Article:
In an interview with The Orlando Sentinel, Eric Montanez, a member of Food Not Bombs said, “We feel like the park is where the people should be,” and “the real issue is that the city just doesn’t want the homeless here.”

Cathy Jackson, the executive director of the Homeless Services Network of Central Florida disagrees.  According to her interview with ABC News, there are about seven shelters within a mile and a half of Lake Eola Park.  She and Mayor Dyer believe that Food Not Bombs is creating more of a publicity stunt than providing a helpful service.  According to the Orlando Sentinel, Food Not Bombs publicized the event online and the media were encouraged to attend.

The city allows groups to obtain 2 permits per year for each of the 42 parks in Orlando, allowing 84 feedings a year.  The Huffington Post reports that there are at least 10 other groups who proceed with legal feedings in the Orlando area.

However, Theresa McDonald, a homeless woman who uses a wheelchair says that she relies on Food Not Bombs because she cannot afford even the minimal prices charged by the shelters, and it is difficult for her to move from park to park, according to the Orlando Sentinel.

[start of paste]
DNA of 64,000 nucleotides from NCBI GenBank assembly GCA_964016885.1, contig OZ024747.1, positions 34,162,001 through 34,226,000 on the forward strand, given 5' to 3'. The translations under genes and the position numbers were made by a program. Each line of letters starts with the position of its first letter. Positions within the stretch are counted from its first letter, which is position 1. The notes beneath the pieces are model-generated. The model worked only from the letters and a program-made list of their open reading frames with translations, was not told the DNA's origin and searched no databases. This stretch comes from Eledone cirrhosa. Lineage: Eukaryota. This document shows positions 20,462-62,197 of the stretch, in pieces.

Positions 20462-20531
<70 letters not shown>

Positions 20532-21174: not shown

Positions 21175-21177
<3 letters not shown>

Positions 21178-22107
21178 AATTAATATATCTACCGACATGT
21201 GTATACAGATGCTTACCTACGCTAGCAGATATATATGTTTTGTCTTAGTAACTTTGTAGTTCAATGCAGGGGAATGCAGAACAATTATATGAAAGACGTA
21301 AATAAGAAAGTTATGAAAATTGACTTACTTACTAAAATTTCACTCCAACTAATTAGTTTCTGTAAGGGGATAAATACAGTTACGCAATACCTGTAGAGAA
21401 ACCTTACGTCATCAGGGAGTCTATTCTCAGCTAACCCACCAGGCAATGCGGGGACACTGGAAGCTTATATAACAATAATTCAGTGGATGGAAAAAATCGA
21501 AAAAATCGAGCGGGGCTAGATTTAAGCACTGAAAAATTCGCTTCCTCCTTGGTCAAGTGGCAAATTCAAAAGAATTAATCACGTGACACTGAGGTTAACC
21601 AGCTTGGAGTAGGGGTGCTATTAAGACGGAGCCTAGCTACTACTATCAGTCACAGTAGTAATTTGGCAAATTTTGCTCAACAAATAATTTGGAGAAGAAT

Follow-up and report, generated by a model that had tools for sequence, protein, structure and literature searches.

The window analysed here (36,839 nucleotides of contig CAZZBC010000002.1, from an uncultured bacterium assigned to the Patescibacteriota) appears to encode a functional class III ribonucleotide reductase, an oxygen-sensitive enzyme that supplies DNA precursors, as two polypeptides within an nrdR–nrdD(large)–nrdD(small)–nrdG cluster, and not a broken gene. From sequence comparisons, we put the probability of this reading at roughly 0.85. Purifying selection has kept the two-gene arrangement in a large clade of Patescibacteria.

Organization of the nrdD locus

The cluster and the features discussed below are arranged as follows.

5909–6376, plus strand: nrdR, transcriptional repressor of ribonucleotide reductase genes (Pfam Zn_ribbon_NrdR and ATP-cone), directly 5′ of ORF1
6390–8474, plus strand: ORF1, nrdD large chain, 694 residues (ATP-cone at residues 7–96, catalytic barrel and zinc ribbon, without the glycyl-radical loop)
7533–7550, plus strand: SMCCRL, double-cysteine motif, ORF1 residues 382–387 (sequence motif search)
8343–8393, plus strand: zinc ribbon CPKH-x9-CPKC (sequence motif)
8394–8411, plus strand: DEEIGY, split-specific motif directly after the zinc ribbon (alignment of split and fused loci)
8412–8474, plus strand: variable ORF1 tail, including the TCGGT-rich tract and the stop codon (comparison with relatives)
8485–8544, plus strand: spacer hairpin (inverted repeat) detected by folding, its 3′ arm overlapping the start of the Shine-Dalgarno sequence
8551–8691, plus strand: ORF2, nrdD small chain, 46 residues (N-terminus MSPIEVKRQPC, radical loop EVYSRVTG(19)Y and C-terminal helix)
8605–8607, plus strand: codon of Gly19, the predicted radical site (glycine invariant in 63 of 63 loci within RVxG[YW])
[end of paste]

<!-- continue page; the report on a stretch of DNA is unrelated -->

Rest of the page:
Food Not Bombs will again challenge the ordinance, and plans to continue serving food in the meantime.

For more information, please visit:

Huffington Post — Orlando Activists Arrested For Feeding Homeless in Defiance of City Ordinance — 10 June 2011

ABC News — Arrested for Feeding the Homeless in Violation of New Orlando Law — 9 June 2011

Associated Press — 4 More Homeless Activists Arrested in Orlando — 6 June 2011

Orlando Sentinel — Anti-Poverty Group Defies Ban on Feeding Homeless in Orlando’s Parks — 18 May 2011

Orlando Food Not Bombs — Text of Orlando’s Anti-Homeless Feeding Ordinance — 2006

War Crimes Prosecution Watch, Vol. 6, Issue 6 — June 20, 2011

War Crimes Prosecution Watch is prepared by the International Justice Practice of the Public International Law & Policy Group and the Frederick K. Cox International Law Center of Case Western Reserve University School of Law.


Central African Republic & Uganda

Darfur, Sudan

Democratic Republic of the Congo




International Criminal Tribunal for Rwanda